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LLANBERIS

Site Details

© Copyright and database right 2019. All rights reserved. Ordnance Survey licence number 0100022206

NPRN 33016

Map Reference SH56SE

Grid Reference SH57836007

Unitary (Local) Authority Gwynedd

Old County Caernarfonshire

Community Llanberis

Type of Site TOWN

Broad Class CIVIL

Period Multiperiod

Site Description Llanberis, situated in Snowdonia, and with relatively easy ascent to Snowdon, developed rapidly in the late 18th - 19th century as a tourist centre. This was assisted by 2 developments; the improvement of roads in the vicinity and especially along the pass of Llanberis in the early 19th century, and the opening of the Snowdon Mountain Railway in 1894 at Llanberis (Nprn 91415). The town was previously a slate quarrying village.

Associated with:
Glynrhonwy Slate Quarry (400666)
Dinorwic Slate Quarry/Welsh Slate Museum (Nprn 40559)

RCAHMW, 2009.

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Llanberis lies in a long, narrow valley with two large lakes just north-west of Snowdon. The earliest evidence of settlement is Dinas Ty Du hillfort dating from the Iron Age. Some Roman remains have been found and are most likely associated with Segontium, the large fort on the outskirts of modern day Caernarfon. In the sixth century, Saint Peris built a religious retreat at the southern end of Llyn Peris and Saint Padarn established his church on the banks of Llyn Padarn.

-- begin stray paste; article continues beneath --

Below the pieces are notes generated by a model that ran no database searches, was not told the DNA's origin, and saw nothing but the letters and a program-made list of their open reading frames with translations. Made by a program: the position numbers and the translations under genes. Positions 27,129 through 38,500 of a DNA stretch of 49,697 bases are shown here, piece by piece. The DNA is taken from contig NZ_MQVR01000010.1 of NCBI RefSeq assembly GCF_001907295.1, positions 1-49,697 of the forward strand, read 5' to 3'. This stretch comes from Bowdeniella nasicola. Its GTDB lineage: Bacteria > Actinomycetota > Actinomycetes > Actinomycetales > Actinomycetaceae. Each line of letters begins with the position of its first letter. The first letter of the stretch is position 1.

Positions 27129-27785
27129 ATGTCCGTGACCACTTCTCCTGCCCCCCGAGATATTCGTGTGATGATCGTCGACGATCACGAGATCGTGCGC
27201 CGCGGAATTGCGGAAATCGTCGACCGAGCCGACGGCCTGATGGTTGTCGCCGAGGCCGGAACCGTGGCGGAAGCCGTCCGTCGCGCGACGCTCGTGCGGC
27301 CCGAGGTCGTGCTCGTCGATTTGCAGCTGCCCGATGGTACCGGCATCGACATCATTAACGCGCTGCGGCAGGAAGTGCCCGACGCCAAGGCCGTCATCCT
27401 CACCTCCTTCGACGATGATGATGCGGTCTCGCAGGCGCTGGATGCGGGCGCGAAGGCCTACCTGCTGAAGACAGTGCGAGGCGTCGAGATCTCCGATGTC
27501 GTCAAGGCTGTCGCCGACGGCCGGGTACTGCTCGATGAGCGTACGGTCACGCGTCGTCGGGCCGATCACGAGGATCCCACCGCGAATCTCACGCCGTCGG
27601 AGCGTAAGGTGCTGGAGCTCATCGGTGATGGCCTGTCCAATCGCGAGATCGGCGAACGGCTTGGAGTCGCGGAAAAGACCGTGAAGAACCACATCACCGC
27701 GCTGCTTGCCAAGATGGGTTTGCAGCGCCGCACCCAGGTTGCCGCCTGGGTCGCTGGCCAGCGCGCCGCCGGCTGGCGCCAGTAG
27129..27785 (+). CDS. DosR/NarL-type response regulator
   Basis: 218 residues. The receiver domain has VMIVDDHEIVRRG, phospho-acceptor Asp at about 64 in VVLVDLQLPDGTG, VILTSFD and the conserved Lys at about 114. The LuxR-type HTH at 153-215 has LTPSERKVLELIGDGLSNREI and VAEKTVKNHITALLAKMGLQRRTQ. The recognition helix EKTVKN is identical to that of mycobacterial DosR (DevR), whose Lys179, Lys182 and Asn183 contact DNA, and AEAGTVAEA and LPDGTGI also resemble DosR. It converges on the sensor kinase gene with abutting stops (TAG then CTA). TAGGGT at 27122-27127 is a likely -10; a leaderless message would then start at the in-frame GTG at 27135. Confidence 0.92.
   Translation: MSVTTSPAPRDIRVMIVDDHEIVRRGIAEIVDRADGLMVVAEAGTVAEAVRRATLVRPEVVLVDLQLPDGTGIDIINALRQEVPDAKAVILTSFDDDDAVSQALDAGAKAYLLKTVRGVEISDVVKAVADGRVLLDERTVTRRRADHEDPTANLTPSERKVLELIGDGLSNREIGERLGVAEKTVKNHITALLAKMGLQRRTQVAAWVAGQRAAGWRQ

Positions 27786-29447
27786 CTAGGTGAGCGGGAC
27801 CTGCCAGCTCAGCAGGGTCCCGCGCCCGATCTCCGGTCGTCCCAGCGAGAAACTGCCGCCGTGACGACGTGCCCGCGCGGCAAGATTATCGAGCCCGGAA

Until the early nineteenth century, the area remained sparsely settled and agriculture provided the main income. Small-scale open cast mining of slate along the north-eastern slopes of the valley, which had started in the late eighteenth century, developed dramatically with the opening of the Vivian Quarry in the 1870’s where the production was streamlined by employing blackpowder and further tramways were installed for improved transportation of the slates from the quarries. The largescale industrial mining greatly contributed to the growth of the population from around 700 in the first half of the nineteenth century to over 3000 by the end of it.

Despite the growth of industrial open cast mining in the valley, tourists came to Llanberis in ever rising numbers from the Romantic period onwards. The Royal Victoria Hotel advertised its provision of ponies and guides to the summit of nearby Snowdon and also held the keys for the grounds on which Dolbadarn Castle is situated. Julius Rodenberg, a journalist and travel writer from Germany, was taken in by the beautiful situation of the hotel and the hotel harper playing in the lobby every evening. Feeling particularly inspired one evening, he composed new lyrics on the tune of the Welsh folk-song ‘Ar hyd y nos’. Tourism is now the major industry in Llanberis, a centre for walking, climbing and mountain biking as well as diving in the now flooded slate quarry.

Record updated as part of the AHRC-funded project 'Journey to the Past: Wales in historic travel writing from France and Germany'.
R. Singer (Bangor University) and S. Fielding (RCAHMW), 2017.

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